What we propose and this is our flagship product, the Value of Service Award: we propose that the profit sharing should be aligned to the lengths of service at the company. So the longer employees stay with the company, the more of the profit they should get. Why is that important? That creates a motivational link and it creates a participation in the business success that is commonly lacking in the restaurant industry and everywhere else where employees basically worry about their own pockets and business owners have to worry about everything else. And this is also a problem with trying to raise minimum wages. Yeah, because the minimum wages is fixed cost, but the revenues are variable. So the risk of the squeezed profit margin stays with the owner, and it’s not necessarily fair because the owner is not the one earning the money, it’s the employees servicing the customers and preparing the food ultimately. So they’re the profit creators, they’re the value creators, and in the end it would make the most sense if that value that is created, which is profit, would be shared with the value creators according to their value to the business. And this is where we are saying that the value of the employee skills in the restaurant industry and in other industries is already assessed through the base compensation through the salaries.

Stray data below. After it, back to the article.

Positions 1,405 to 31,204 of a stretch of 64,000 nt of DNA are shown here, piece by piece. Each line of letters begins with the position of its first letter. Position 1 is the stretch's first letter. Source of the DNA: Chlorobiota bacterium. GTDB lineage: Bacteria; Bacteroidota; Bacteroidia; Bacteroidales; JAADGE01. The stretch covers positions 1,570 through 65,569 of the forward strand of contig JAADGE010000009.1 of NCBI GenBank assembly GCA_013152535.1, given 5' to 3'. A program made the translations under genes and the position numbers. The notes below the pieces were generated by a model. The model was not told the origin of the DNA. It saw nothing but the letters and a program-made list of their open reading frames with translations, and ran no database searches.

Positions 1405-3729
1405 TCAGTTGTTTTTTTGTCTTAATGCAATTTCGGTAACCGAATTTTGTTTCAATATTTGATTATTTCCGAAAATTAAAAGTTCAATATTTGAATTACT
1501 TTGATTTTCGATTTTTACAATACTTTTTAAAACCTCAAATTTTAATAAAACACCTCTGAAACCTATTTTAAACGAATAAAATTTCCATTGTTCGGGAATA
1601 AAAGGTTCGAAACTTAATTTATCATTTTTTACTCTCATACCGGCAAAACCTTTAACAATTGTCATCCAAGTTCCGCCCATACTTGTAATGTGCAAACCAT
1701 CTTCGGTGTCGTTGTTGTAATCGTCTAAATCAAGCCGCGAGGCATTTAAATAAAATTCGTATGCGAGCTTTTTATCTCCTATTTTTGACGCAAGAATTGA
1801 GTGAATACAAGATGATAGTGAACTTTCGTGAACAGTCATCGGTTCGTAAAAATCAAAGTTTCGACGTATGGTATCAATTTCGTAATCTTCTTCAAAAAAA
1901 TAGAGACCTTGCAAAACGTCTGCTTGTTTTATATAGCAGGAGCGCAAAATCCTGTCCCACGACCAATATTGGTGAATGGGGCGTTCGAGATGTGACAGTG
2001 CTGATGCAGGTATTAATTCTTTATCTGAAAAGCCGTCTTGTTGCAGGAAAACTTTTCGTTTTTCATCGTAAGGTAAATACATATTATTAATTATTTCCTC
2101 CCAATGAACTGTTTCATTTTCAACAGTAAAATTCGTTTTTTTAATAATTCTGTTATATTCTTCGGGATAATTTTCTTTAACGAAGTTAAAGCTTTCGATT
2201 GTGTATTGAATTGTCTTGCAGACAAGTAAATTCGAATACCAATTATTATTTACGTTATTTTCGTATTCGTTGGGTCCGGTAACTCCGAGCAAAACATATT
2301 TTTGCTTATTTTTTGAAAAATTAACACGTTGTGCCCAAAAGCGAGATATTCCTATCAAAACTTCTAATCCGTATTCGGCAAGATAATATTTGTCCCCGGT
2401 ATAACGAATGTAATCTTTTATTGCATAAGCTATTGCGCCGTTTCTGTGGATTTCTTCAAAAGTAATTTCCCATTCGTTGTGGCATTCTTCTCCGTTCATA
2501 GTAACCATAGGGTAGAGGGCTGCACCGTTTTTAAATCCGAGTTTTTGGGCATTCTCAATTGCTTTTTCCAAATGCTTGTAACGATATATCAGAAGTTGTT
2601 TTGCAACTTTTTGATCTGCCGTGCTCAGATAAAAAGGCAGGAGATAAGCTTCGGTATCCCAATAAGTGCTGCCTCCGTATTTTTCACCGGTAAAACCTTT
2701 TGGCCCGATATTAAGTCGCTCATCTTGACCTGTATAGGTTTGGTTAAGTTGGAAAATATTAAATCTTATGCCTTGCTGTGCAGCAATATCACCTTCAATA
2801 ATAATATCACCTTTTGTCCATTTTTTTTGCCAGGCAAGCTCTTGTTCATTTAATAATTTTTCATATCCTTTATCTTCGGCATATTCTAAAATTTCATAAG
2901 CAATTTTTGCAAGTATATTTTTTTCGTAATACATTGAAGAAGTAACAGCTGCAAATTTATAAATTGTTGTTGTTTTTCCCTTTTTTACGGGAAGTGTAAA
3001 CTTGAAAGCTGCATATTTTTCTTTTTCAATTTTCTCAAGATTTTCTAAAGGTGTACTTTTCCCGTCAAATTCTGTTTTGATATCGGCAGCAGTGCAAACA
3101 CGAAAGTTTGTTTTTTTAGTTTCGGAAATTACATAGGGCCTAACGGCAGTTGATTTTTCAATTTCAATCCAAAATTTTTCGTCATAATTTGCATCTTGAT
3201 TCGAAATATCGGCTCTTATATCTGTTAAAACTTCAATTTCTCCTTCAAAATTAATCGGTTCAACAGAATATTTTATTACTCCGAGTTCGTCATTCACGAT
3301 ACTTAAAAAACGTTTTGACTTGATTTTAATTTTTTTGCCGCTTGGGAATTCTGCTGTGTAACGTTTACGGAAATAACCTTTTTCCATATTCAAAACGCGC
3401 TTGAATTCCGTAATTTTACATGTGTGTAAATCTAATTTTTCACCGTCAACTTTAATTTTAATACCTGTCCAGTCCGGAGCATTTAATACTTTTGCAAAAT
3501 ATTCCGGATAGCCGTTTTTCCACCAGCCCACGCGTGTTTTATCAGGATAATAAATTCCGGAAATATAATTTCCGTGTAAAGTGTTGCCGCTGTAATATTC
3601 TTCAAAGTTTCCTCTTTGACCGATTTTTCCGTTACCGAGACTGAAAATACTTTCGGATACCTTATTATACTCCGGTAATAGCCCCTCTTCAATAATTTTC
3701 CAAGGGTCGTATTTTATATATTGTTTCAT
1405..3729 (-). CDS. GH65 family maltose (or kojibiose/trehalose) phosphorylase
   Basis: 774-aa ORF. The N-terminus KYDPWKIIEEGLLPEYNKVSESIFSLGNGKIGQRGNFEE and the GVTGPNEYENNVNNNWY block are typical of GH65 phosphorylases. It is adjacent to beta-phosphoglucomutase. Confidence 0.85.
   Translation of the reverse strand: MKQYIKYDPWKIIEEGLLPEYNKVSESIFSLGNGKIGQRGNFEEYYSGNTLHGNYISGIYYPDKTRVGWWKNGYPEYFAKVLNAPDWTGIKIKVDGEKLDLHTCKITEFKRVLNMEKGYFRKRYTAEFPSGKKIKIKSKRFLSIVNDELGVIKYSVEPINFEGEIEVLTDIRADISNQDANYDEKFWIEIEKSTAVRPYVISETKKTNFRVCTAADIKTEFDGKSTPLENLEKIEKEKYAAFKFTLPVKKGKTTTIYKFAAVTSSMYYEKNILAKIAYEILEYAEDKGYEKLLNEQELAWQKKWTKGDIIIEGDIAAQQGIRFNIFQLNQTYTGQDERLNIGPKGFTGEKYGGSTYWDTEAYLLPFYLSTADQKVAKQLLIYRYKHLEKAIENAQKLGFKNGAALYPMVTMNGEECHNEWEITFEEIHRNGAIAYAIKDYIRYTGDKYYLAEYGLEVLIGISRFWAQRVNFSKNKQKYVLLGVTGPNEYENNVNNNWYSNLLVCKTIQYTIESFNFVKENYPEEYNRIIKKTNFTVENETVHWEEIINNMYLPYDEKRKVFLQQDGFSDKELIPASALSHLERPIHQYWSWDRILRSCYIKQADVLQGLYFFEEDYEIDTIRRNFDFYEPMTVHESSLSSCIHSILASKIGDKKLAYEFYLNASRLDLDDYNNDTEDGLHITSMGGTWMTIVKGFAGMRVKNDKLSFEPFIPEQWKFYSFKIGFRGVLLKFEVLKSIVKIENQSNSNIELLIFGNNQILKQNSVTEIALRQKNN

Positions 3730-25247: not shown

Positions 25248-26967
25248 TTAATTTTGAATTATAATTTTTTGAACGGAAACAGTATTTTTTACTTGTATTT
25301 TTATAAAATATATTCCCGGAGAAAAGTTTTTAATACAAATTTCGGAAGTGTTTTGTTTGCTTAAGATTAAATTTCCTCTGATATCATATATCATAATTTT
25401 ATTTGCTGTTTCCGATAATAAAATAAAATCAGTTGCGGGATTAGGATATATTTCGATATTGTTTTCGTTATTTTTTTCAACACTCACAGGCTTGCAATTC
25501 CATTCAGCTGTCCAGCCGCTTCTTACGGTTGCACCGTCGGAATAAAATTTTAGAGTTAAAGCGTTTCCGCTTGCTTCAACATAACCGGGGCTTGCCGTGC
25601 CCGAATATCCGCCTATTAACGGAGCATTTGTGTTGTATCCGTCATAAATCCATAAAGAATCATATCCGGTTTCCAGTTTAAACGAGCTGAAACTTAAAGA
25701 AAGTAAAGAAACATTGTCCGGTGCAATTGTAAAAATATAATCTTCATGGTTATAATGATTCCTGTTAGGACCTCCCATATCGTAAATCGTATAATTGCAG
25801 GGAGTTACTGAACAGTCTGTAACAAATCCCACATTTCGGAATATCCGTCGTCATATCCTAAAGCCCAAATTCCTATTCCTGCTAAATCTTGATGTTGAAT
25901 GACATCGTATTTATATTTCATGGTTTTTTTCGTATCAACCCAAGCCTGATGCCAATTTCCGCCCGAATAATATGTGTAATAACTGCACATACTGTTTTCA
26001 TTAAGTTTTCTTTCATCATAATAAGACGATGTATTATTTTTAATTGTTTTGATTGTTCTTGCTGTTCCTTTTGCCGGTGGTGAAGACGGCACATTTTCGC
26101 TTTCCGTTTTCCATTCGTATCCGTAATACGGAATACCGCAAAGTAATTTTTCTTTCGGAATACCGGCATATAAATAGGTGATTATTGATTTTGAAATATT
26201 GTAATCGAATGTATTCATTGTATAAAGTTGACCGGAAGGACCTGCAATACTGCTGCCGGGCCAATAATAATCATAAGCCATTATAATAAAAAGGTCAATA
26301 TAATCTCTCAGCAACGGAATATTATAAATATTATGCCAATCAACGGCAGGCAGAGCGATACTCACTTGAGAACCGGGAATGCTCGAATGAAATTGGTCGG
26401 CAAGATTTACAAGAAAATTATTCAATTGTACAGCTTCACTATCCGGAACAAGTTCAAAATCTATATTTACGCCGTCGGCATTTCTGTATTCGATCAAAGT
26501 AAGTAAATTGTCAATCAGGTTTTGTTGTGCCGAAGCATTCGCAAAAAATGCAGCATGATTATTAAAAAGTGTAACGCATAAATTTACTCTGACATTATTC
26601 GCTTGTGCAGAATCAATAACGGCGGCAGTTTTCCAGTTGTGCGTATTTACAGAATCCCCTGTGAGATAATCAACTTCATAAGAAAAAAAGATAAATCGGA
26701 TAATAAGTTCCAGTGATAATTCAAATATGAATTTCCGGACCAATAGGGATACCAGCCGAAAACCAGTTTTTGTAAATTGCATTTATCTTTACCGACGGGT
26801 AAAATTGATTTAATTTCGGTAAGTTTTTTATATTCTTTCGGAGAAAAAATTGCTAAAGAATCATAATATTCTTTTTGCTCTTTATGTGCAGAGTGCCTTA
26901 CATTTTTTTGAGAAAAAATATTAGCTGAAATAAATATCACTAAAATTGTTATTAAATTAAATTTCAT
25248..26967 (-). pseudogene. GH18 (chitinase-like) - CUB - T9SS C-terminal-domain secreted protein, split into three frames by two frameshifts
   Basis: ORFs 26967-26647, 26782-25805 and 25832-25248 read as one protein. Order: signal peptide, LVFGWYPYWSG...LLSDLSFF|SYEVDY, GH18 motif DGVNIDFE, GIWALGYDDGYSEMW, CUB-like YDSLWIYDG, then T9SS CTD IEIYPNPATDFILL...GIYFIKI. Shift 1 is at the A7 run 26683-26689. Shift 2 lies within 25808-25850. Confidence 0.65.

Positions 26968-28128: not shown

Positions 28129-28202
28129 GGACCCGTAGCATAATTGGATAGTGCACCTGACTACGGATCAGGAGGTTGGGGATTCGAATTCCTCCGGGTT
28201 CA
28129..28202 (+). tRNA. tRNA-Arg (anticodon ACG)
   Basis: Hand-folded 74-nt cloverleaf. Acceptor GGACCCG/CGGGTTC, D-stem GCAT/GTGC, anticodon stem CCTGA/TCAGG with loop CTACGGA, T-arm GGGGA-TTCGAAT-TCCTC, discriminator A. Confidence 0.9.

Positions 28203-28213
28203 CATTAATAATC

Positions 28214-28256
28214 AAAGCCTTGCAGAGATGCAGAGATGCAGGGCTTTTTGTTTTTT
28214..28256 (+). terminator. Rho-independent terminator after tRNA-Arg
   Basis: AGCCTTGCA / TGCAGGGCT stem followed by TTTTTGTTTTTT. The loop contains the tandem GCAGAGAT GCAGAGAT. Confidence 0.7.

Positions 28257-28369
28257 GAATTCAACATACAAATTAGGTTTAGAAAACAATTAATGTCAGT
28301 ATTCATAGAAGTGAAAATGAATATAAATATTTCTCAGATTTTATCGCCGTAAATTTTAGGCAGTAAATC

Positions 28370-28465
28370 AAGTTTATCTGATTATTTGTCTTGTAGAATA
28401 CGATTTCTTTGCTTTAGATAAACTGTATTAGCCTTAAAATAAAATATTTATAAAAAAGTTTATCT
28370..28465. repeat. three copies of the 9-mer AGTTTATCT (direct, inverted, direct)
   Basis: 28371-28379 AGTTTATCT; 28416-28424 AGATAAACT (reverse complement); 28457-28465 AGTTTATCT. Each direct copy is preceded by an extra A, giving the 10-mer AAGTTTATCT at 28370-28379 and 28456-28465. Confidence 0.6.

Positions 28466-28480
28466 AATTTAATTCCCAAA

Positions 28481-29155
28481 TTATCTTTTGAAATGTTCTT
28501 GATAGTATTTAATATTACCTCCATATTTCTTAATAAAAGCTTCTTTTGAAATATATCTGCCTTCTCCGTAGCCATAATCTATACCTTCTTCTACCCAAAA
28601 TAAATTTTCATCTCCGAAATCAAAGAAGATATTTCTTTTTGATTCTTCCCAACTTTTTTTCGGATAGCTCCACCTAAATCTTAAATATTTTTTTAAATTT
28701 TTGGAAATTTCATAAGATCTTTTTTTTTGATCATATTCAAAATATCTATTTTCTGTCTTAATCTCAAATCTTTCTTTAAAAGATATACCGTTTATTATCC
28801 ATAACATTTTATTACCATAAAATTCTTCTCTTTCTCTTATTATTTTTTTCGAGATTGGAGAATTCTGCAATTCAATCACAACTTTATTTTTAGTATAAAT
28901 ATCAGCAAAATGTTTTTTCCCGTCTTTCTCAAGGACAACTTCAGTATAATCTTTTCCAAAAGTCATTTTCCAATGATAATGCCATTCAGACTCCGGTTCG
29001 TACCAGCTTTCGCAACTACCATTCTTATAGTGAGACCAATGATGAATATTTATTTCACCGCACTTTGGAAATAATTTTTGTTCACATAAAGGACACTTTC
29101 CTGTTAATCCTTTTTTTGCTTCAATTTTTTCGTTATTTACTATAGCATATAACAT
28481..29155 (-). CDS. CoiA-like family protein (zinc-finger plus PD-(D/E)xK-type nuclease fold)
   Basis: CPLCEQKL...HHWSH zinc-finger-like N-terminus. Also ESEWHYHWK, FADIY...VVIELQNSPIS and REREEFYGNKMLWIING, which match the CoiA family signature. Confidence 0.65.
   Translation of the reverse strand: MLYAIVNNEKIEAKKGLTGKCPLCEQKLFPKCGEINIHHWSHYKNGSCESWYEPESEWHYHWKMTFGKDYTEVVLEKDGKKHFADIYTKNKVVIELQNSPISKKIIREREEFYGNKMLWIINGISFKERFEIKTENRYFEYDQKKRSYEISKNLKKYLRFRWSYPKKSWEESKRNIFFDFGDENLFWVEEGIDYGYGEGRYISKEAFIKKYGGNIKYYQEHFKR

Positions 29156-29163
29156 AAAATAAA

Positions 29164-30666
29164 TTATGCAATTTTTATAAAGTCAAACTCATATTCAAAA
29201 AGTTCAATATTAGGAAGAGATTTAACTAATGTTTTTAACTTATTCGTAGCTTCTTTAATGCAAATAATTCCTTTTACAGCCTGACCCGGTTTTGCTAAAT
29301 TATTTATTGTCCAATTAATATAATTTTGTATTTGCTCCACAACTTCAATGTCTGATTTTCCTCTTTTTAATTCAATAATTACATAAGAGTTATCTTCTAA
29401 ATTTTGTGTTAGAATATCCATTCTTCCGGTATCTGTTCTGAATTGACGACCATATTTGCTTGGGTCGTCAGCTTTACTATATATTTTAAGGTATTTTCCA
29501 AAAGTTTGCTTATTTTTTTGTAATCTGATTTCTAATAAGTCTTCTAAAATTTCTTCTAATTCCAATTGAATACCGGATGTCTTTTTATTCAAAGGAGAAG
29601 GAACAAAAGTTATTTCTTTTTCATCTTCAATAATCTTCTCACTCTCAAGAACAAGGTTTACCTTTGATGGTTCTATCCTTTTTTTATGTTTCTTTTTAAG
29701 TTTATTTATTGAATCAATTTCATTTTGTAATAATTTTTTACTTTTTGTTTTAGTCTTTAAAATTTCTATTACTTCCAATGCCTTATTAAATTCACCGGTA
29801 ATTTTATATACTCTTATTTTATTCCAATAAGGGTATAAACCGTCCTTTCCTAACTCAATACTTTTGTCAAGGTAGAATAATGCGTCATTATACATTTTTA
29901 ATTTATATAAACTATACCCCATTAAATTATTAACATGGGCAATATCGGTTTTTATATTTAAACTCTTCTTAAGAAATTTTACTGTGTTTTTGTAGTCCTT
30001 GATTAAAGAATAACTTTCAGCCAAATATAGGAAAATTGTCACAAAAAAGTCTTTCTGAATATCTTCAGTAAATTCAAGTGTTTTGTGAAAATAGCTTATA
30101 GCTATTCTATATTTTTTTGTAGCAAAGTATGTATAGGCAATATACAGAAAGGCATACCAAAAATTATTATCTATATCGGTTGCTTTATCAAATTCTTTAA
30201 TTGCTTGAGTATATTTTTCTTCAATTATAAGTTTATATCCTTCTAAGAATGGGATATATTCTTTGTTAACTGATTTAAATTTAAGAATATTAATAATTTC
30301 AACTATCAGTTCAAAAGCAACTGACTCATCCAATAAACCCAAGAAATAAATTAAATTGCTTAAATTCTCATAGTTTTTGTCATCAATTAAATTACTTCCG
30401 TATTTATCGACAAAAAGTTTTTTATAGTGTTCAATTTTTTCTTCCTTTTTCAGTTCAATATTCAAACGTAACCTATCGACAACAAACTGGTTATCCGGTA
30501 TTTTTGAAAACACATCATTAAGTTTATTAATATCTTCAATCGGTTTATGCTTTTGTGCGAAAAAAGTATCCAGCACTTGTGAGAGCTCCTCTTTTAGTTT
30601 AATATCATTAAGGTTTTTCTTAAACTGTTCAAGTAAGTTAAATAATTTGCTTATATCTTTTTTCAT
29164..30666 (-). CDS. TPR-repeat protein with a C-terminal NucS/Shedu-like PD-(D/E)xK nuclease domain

The performance component is already addressed with the tips. The better you perform in your role as a waiter, the better experience you create for your customers, the more tips you make. So that is a performance component. There is a third component, and that is the component that has extreme level of value to the restaurants.

And that is specifically the value of the the character and the knowledge and the loyalty and the longevity of the employees. Why? From a customer perspective, I don’t go to the restaurant. Just to eat the food. Yeah. I go there for the ambience, but I also go there for the service. And the part of the ambience is the service and is the employees.